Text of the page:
Barbara Blomberg — Complete eBook

Georg Ebers
This eBook from the Gutenberg Project consists of approximately 583 pages of information about Barbara Blomberg Complete.

“The omnipotence which works greater miracles,” replied the priest in a tone of the most ardent conviction, pointing upward.

Charles nodded a mournful assent, and, after a sign which indicated to the confessor that he desired the interview to end, he continued his painful walk.

He had waved aside the litter which the lord chamberlain, Count Heinrich of Nassau, had placed ready for him, and limped, amid severe suffering, to his room.

There the Bishop of Arras awaited him with arduous work, and the Emperor did not allow himself a moment’s rest while his sister was using the beautiful first of May to ride and hunt.  Charles missed her, and still more the faithful man who had served him as a page, and whom he had been accustomed since to have in close attendance upon him.

To gratify his sister’s passion for the chase he had given Quijada leave of absence, and now he regretted it.  True, he told no one that he missed Don Luis, but those who surrounded him were made to feel his ill-humour plainly enough.  Only he admitted to the Bishop of Arras that the radiant light which was shining into his window was disagreeable.  It made too strong a contrast to his gloomy soul, and it even seemed as though the course of the sun, in its beaming, unattainably lofty path, mocked the hapless, painful obstruction to his own motion.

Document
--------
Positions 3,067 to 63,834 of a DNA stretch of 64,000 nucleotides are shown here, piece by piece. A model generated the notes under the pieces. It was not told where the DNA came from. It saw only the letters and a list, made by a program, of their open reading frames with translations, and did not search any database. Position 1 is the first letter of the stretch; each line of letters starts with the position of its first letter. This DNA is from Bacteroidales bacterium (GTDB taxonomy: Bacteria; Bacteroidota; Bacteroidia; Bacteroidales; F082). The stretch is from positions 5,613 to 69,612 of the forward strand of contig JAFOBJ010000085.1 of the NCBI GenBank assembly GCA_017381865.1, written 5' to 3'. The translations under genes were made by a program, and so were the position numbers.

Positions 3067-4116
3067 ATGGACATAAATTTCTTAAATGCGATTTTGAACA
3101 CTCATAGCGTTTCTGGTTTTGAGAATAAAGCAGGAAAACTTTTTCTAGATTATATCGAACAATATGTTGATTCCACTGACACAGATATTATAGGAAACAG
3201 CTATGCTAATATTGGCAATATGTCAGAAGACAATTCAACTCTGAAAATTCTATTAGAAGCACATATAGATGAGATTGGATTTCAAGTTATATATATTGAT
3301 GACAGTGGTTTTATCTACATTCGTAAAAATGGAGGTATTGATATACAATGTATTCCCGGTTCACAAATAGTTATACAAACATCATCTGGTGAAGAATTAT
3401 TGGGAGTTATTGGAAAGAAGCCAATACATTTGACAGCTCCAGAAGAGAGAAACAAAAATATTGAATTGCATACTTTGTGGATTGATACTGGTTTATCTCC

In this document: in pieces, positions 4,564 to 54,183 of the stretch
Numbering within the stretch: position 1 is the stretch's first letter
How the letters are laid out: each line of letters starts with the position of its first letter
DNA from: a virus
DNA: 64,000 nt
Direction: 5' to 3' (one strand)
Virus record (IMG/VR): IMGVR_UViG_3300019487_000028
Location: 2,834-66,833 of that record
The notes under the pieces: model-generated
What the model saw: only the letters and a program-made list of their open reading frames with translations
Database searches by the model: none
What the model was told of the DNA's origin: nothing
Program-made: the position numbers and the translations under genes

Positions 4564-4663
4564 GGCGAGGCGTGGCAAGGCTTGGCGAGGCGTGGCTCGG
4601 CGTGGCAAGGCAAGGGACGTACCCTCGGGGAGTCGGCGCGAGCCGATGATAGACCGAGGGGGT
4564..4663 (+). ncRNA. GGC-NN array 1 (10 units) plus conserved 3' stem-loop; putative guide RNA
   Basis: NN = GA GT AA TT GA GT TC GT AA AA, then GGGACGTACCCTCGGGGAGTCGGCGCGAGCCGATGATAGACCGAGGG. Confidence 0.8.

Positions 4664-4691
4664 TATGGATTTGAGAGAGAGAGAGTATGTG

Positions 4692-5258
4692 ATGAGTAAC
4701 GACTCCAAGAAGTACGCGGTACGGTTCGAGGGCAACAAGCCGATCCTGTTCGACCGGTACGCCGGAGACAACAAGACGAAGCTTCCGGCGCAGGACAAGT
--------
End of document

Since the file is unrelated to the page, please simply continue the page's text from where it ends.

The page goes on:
At noon he enjoyed very little of the meal, prepared for a fast day, which the new cook had made tempting enough.

In reply to the Count of Nassau’s inquiry whether he wished to hear any music, he had answered rudely that the musicians and the boy choir could play and sing in the chapel for aught he cared.  Whether he would listen to the performance was doubtful.

Single tones had reached his ears, but he did not feel in the mood to descend the stairs.

He went to rest earlier than usual.  The next morning, after mass, he himself asked for Josquin’s “Ecce tu pulchra es.”  It was to be sung during the noonday meal.  But when, instead of the Queen and Quijada, a little note came from his sister, requesting, in a jesting tone, an extension of the leave of absence because she trusted to the healing power of the sun and the medicine “music” upon her distinguished brother, and the chase bound her by a really magic spell to the green May woods, he flung the sheet indignantly away, and, just before the beginning of the meal, ordered the singing to be omitted.

Either in consequence of the fasting or the warm sunshine, the pangs of the gout began to lessen; but, nevertheless, his mood grew still more melancholy, for he had believed in the sincere affection of two human beings, and Queen Mary left him alone in his misery, while his faithful Luis, to please the female Nimrod, did the same.

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Project Gutenberg
Barbara Blomberg — Complete from Project Gutenberg. Public domain.
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